Cup member 12 has an inner surface 30 adapted to receive femoral insert 16 and an outer surface 32 comprising a spherical zone 34 terminating at its base in a right cylindrical zone 36, the altitude of spherical zone 34 being less than the spherical radius. In addition, cup member 12 has an annular groove 38 in outer surface 32 approximately at the junction 40 of spherical zone 34 and cylindrical zone 36. As illustrated, annular groove 38 is preferably canted toward the pole 42 of spherical zone 34. Also as illustrated, the inner surface 30 of cup member 12 comprises a spherical zone which is concentric with spherical zone 34 of outer surface 32 and which has an altitude greater than the spherical radius of inner surface 30. The spherical radius of inner surface 30 is of such dimension as to snugly receive and support femoral head 28 in a centrally formed and substantially congruent cavity and thus provide for universal movement. In the embodiment of FIGS. 1-5, inner surface 30 has additionally an annular lip means 44, disclosed in detail in U.S. Pat. No. 4,044,403, which not only permits easy insertion of femoral insert 16 into cup member 12 but also prevents disengagement of these members in a positive and simple manner.
Cup member 12 is fabricated from a resilient polymer which is compatible for implantation in the human body. Additionally, the polymer should possess good strength, low-friction and high lubricity properties, since cup member 12 supports head 28 for universal movement during an extended period of time. Ultra high molecular weight polyethylene provides an extremely satisfactory material for this purpose, although other polymers having similar properties may be employed.
Cup member 12 is encased in metallic outer shell member 14, which has an inner surface 46 substantially congruent with the outer surface 32 of cup member 12 and an outer surface 48 adapted to be implanted in the acetabulum socket 50 of pelvis 52. The inner surface 46 of shell member 14 is provided with a plurality of projections 54 distributed along the annular junction 56 of spherical zone 58 and cylindrical zone 60 of inner surface 46 of shell member 14. While the depicted embodiment shows the projections 54 in the form of tabs, other projections and other detent means for engaging annular groove 38 to permanently secure cup member 12 within shell member 14 may also be employed.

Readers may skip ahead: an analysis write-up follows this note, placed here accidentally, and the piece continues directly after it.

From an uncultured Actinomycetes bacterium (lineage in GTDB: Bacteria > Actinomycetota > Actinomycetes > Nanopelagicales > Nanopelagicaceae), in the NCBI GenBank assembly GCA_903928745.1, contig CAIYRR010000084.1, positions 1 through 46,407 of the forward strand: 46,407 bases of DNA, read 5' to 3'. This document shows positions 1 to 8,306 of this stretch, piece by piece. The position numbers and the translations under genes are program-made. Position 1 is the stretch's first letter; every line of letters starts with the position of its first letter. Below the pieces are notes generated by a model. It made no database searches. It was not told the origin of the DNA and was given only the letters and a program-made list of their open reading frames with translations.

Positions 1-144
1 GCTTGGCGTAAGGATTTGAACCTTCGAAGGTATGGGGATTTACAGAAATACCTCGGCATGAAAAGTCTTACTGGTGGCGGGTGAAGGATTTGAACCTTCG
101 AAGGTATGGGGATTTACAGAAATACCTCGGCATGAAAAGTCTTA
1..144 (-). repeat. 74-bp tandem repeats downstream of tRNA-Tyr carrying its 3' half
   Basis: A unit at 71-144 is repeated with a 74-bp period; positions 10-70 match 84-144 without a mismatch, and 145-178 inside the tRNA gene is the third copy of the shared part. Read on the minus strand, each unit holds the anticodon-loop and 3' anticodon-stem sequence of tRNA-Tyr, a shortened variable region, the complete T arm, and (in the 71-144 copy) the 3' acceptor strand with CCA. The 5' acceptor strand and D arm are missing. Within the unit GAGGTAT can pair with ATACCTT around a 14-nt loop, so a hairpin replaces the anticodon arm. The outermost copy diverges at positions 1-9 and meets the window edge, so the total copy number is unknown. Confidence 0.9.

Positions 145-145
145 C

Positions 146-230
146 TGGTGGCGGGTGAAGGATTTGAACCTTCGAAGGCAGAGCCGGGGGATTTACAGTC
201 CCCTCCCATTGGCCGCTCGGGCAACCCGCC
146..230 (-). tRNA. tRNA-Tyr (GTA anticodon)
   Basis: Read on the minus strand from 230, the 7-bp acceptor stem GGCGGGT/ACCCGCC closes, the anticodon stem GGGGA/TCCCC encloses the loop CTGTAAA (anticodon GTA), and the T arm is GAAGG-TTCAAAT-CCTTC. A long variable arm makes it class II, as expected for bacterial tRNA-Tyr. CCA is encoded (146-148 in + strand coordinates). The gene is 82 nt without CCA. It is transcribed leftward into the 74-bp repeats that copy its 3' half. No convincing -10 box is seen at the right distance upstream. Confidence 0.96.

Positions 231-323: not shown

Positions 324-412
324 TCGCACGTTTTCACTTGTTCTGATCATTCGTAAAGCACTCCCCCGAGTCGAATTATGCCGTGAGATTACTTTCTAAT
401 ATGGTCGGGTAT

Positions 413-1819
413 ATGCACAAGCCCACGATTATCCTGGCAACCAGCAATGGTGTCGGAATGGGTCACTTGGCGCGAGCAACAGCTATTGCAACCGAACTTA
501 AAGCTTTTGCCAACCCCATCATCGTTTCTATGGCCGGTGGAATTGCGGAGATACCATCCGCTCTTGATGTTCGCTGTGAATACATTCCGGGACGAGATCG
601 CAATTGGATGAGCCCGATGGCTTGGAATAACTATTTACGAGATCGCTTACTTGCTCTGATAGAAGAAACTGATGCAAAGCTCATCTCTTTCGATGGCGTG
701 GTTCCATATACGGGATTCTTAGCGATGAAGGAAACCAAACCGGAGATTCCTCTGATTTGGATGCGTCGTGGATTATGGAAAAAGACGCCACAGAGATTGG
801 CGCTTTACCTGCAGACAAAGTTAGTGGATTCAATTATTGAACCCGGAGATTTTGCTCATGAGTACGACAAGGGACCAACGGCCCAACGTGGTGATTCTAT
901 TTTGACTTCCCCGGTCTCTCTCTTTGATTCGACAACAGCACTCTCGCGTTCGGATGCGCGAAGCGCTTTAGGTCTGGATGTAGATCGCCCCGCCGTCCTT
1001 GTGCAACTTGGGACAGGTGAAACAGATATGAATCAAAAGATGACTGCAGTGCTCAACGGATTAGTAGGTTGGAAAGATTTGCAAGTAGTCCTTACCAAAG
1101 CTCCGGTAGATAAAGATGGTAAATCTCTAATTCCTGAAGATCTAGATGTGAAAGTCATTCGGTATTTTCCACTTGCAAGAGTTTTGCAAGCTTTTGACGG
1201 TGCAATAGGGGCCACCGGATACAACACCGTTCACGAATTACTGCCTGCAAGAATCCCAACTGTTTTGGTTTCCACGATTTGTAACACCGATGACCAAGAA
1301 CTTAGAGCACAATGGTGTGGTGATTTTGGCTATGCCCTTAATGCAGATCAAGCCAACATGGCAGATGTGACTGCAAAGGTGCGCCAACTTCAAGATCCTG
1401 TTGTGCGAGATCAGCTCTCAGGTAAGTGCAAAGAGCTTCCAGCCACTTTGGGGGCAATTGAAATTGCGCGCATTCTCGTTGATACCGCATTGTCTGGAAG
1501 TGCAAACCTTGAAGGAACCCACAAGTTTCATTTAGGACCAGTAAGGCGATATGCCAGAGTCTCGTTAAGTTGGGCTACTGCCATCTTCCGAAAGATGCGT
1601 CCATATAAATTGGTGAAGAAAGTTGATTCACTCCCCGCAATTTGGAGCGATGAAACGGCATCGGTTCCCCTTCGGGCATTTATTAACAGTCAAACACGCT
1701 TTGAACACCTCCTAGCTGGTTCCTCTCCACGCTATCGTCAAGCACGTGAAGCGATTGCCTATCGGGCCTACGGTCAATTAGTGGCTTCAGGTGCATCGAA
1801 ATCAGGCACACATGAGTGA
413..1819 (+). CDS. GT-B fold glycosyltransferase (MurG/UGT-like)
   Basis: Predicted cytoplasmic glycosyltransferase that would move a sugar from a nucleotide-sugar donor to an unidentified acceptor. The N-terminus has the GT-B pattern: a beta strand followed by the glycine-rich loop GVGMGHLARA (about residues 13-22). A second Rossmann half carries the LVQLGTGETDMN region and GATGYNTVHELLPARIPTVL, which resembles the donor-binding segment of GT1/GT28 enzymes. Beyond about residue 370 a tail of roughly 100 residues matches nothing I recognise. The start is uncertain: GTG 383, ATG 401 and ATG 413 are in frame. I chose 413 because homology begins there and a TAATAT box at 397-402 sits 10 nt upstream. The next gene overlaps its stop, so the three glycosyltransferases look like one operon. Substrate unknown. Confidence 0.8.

Shell member 14 is fabricated from a metal possessing low-friction characteristics, sufficient strength to remain durable during repeated loadings and compatibility with body tissue. Such metal includes Vitallium®, described hereinbefore, but other metals possessing such properties may be used.
During implantation of prosthesis 10 in acetabulum socket 50 of pelvis 52, acetabulum socket 50 is prepared in conventional surgical fashion to accomodate shell member 14. In such case, shell mumber 14 is not affixed to the acetabulum socket. In the embodiment illustrated in FIGS. 1-5, outer surface 48 of shell member 14 comprises a spherical zone concentric with spherical zone 58 of inner surface 46 and having an altitude greater than the spherical radius of outer surface 48. If free articulation within acetabulum socket 50 is desired, outer surface 48 of shell member 14 is highly polished. Limited articulation results with a less polished surface.
In other cases, permanent attachment of a bicentric prosthesis to the skeletal cavity may be desired. Such attachment can be effected with the embodiment of the present invention illustrated in FIG. 6. In this prosthesis, generally designated as 110, cup member 112 has an inner surface 130 for receiving a femoral head comprising a spherical zone concentric with spherical zone 134 of outer surface 132, the altitude of inner surface 130 being equal to or slightly less than the spherical radius, and an outer surface 132 with a relatively short right cylindrical zone 136.